There is a direct link between a child’s diet and their health, academic achievement and behaviour. In short, a child’s diet has a massive impact on their success and future.
Schools should and can play an important role in improving the eating habits, and in turn the academic performance of their students.
The issue of children’s diet and nutrition is an important one in Malaysia, given that Malaysia has the highest proportion of obese and overweight children and adults in South East Asia, and one of the highest globally.
This is the first in a series of blogs, from Vircle, which explores the relationship between a child’s diet, schools and academic performance. Vircle is an ecosystem of child centred services aimed at making “diet a positive foundation for a successful life”.
This series of blogs will consider a number of topics including:
Breakfast, nutrition and performance
Obesity and IQ
Fruits, Vegetables and Dairy Products and their impact on performance
Traffic Light Labelling of food
Nutrients and their impact
This first blog explores the link between school breakfast, nutrition and academic performance.
Breakfast provides nutrition for a child’s performance
At the time of writing this blog, school breakfasts’ are very topical in Malaysia, given the school breakfast program being rolled out across 100 schools by the Ministry of Education.
What is the rationale for such a school breakfast program? Kids who have breakfast, academically outperform kids who do not. In addition, kids who skip breakfast are more likely to be absent and have lower cognitive performance.
In this blog, we summarise and share the findings of a study of US children that clearly shows why school breakfast is so important to children. The key take-aways from this study are:
40% of kids who do not have breakfast have inadequate nutrition, versus 17% amongst those that do have breakfast.Kids with inadequate nutrition are more than 3 times more likely to have cognitive, emotional and behavioural issues.
Kids with adequate nutrition have up-to 37% higher academic scores than kids with inadequate nutrition – maths being the subject were the delta between the two is largest.
The study approach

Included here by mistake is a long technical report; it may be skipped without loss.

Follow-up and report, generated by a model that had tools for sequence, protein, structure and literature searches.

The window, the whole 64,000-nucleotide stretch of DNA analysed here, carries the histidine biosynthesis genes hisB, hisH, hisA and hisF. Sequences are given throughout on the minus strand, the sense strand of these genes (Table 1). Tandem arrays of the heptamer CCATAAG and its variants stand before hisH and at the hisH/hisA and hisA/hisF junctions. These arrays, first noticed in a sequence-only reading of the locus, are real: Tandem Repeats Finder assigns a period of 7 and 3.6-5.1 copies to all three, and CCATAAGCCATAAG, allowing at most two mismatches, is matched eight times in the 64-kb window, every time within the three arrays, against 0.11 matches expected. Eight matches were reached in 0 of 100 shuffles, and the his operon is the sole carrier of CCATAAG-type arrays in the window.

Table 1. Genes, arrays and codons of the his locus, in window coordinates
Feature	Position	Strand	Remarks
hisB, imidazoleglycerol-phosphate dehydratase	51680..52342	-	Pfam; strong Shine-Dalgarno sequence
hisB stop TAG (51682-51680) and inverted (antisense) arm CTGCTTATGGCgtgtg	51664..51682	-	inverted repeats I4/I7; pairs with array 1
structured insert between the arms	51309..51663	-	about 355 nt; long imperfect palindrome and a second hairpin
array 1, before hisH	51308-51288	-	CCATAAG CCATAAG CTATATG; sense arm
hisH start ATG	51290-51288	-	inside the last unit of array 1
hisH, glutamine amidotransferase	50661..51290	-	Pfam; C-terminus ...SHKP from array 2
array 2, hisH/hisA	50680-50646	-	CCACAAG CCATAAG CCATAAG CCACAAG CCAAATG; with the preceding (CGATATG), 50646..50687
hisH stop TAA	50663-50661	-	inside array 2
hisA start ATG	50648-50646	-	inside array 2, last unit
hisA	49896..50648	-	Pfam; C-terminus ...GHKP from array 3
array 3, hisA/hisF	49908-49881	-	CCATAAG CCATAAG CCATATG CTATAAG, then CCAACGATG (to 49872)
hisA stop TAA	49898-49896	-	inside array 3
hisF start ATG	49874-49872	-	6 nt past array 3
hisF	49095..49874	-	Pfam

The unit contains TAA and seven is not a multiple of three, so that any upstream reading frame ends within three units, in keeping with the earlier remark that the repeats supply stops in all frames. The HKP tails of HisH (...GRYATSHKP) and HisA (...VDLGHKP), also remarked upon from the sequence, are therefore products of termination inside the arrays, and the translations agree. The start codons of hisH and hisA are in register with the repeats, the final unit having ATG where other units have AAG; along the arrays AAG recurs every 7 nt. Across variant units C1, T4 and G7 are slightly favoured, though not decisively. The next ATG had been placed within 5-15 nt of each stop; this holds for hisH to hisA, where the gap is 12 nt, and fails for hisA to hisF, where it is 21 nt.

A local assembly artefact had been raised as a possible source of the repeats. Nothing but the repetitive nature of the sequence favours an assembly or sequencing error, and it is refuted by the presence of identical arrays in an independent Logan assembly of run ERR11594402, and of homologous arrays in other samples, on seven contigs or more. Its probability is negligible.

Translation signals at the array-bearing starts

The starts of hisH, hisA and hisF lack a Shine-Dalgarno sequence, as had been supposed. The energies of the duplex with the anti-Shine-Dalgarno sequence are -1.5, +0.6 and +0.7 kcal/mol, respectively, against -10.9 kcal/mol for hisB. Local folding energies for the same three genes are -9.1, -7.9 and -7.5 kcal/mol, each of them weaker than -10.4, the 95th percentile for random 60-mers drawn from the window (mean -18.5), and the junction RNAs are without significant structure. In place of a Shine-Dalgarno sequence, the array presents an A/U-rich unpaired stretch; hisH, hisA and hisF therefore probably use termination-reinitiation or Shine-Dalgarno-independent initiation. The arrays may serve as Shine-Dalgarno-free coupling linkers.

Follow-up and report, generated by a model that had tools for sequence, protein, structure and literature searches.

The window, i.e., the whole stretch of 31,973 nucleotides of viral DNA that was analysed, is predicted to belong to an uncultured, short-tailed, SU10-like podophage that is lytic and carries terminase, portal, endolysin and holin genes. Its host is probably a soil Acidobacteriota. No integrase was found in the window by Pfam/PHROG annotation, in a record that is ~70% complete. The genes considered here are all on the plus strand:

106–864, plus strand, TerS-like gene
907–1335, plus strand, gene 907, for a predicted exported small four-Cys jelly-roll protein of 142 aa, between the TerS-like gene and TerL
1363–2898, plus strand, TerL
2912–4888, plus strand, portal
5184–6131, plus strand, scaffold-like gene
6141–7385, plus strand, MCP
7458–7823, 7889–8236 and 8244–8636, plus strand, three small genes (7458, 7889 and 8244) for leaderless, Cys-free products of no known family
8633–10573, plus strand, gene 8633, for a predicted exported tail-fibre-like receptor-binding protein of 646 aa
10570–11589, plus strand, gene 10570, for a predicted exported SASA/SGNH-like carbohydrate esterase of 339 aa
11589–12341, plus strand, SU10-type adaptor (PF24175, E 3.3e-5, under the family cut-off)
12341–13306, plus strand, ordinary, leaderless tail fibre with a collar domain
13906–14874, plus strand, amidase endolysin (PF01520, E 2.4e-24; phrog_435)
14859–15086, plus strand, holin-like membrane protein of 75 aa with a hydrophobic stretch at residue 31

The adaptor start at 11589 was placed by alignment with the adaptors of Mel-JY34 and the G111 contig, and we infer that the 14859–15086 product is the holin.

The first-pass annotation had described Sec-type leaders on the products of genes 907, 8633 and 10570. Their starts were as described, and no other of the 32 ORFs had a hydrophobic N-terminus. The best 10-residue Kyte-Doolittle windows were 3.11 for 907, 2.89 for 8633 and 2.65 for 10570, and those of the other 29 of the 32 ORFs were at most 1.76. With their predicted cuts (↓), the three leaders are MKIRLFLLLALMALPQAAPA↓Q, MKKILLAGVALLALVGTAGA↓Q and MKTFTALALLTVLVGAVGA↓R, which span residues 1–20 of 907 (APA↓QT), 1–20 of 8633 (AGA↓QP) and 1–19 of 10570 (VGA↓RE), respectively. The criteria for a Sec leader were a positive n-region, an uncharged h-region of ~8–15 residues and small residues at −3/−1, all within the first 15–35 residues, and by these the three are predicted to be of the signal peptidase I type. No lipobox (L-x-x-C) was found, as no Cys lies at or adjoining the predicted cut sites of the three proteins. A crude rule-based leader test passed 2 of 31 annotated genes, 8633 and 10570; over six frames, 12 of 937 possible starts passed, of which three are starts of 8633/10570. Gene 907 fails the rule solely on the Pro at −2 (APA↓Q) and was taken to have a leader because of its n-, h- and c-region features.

A group of students were segmented by how often they had school breakfast (often, sometimes, rarely).
They were then tested for their level of nutrition (against recommended daily allowances for children).
Each student was then assessed for specific psychosocial problems – cognitive, emotional and behavioural.
In addition, the General Performance Achievement (GPA) for each child was calculated per subject.
Breakfast and Nutrition
The study discovered a huge difference in the proportion of children who had inadequate nutrition intake, between those children that had school breakfast and those that did not.
Students who rarely had school breakfast were more than twice as likely to have inadequate nutrition and energy intake compared to those that did have school breakfast often.
It is this difference in inadequate nutrition intake which is the big issue.
Inadequate Energy/Nutrition increases child’s psychosocial problems
An alarming result from the study, was the relationship between psychosocial problems and inadequate nutrition. Psychosocial problems being defined as cognitive, emotional and behavioural issues.
The study used the PSC (Pediatric Symptom Checklist) to identify students who required additional assistance with cognitive, emotional and behavioural problems.
It found that those students with inadequate nutrition and energy intake were more than 3 times more likely to be in need of interventions for such problems.
Nutrition and Academic Performance
To determine academic achievement, the study calculated the GPA of every student by subject. GPA being the General Performance Achievement Score. This is calculated by scoring the grades a student receives over the course of time and taking the average of all those scores. The theoretical maximum GPA score is 5.
The below graph shows the average GPA scores for students with adequate nutrient intake versus those without, over a number of subjects.
As can be seen, students with adequate nutrient intake performed better academically across all subjects. Maths was the subject with the biggest difference in GPA score of a staggering 37%, followed by Reading with a significant difference of 27%.
Diet Impacts Maths most
It is interesting to note, that in studies when there have been diet interventions at schools to improve nutritional intake, it has been maths that has been the most positively impacted.
Making the eating of a healthy breakfast a habit, is highly likely to lead to a child having adequate nutritional intake, drastically reducing their probability of having psychosocial problems and significantly increasing their academic performance – especially in maths.
The next blog in this series, which is looking at the relationship between a child’s diet, schools and academic achievement, will be considering the impact obesity has on IQ.